The apocryphal tale is that the Pittsburgh Steelers and head coach Bill Cowher were all set to draft offensive lineman Shawn Andrews with the 11th overall pick in the 2004 NFL Draft, that is until owner Dan Rooney intervened and convinced them that they had to take quarterback Ben Roethlisberger.
That’s not the story defensive coordinator Dick LeBeau told us when he sat in for an interview on the Terrible Podcast last week. He said that taking a quarterback was their plan, assuming that one of the top arms fell to them—only the one that fell wasn’t the one who they rated the highest.
“We were rating these guys all the way through, because we were gonna take a quarterback and we were drafting pretty far down, and we didn’t know if any of those guys were gonna get there”, he told us. “But if they did, we were gonna take a quarterback”.
And he added that “The vote would always come out the same. [Philip] Rivers was the guy we were gonna take”. Now, this isn’t the first time we heard the Steelers connected with Rivers, but former executive Doug Whaley said they were concentrating on Rivers because they felt he would be the one who would be available to them.
According to LeBeau, Rivers was the one who prevailed in their actual rating system. Not his own, however. He talked about getting to watch a lot of Roethlisberger’s games in the MAC and coming away impressed. “I’d never seen a quarterback play with any more control of the ball and could keep the offense moving”, he said. Indeed, maybe he was a little too impressed, at least for Cowher’s tastes.
“Coach Cowher, he wanted to make sure that everybody had their ducks in a row, so he said we’re gonna meet one more time on this quarterback situation”, LeBeau recalled. “Bill said, ‘I want to hear from everybody. I want everybody’s vote on who we should take here’. And they get to us and Bill turned and looked at me and he said, ‘I don’t want to hear from you, LeBeau. I know who you’re going to say’”.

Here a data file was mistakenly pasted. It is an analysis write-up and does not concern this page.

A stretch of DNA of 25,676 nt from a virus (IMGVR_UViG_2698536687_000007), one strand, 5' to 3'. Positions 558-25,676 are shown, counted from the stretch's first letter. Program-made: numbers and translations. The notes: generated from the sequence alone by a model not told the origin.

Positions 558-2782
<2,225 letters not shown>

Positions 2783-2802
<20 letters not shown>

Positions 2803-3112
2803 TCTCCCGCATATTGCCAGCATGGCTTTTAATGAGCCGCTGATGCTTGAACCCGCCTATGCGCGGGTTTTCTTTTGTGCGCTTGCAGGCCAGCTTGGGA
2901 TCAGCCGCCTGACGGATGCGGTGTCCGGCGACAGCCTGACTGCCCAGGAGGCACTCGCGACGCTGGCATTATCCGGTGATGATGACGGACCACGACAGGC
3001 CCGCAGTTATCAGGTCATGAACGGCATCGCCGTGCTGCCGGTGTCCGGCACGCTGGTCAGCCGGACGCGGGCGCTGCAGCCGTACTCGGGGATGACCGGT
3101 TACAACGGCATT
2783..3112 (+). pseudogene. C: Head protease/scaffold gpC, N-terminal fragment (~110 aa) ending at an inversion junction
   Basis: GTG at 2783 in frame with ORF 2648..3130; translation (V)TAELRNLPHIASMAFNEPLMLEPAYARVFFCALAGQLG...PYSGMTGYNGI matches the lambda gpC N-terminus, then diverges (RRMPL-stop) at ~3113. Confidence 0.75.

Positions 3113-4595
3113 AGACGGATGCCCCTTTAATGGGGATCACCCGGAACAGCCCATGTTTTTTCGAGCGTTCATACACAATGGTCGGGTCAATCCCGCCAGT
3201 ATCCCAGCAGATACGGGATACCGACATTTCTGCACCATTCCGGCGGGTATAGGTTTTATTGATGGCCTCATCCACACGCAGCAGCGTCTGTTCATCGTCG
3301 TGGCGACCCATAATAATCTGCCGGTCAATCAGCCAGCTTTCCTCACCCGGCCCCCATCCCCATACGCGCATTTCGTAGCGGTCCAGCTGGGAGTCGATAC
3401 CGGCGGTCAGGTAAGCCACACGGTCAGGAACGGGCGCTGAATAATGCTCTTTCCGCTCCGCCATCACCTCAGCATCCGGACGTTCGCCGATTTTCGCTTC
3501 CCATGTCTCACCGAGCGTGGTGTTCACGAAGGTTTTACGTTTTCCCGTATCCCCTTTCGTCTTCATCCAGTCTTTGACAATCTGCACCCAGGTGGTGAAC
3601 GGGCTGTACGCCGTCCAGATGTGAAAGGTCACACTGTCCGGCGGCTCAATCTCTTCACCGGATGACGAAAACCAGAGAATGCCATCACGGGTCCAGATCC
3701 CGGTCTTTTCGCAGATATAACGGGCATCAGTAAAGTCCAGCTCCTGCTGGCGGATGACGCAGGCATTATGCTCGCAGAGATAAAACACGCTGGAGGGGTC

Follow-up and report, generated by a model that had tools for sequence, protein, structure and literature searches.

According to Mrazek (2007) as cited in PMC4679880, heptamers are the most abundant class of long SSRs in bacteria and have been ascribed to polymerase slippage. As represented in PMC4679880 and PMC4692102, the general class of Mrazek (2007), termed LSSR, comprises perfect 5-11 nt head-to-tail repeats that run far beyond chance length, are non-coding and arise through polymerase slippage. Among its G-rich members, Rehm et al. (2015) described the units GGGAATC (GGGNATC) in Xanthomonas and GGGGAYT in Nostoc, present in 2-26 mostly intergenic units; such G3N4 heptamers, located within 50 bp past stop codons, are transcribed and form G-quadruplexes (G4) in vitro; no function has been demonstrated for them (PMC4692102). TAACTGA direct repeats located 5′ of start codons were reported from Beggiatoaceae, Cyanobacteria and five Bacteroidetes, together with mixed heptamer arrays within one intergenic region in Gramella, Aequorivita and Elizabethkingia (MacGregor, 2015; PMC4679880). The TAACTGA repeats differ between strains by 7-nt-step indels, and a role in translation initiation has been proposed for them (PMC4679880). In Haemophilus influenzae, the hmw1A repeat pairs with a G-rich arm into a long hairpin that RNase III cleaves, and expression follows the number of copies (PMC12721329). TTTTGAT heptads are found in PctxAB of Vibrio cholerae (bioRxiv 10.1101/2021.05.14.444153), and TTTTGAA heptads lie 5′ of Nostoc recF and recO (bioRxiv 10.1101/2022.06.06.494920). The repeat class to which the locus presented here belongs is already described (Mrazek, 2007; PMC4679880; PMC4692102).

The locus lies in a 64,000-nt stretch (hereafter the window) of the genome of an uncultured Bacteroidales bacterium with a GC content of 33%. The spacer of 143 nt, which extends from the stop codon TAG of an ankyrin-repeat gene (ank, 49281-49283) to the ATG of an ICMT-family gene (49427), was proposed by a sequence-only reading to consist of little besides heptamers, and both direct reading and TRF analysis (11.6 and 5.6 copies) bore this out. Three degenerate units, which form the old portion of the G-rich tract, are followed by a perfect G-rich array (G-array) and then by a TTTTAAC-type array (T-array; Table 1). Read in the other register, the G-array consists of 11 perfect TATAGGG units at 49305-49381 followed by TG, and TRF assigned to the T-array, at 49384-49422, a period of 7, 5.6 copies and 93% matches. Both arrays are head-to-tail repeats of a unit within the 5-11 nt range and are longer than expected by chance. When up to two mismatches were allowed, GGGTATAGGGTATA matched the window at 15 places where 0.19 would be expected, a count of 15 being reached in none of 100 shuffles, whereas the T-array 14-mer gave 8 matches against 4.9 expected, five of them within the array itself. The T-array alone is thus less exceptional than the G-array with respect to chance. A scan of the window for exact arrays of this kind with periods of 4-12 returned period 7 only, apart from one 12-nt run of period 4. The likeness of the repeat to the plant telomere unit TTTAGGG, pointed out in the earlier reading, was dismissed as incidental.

As it turned out, the Steelers didn’t have much choice, either way. The San Diego Chargers drafted Eli Manning first overall, the New York Giants following with Rivers fourth overall. The two teams then worked out a trade to swap quarterbacks, while Roethlisberger sat and fell out of the top 10 and into the Steelers’ lap.
Where was Andrews ranked relative to Roethlisberger on their board? I don’t know. But I never really bought the story about Rooney’s last-hour intervention. It doesn’t fit the way the Steelers approach the draft. Rather, it sounds much more like LeBeau’s.
Everything is talked through well in advance. Once the top 10 picks were in, they knew who they would have taken 24 hours earlier given the way the board broke. It was Roethlisberger—who would have gotten LeBeau’s final vote, if he had been allowed to give it, even if the prevailing consensus favored Rivers.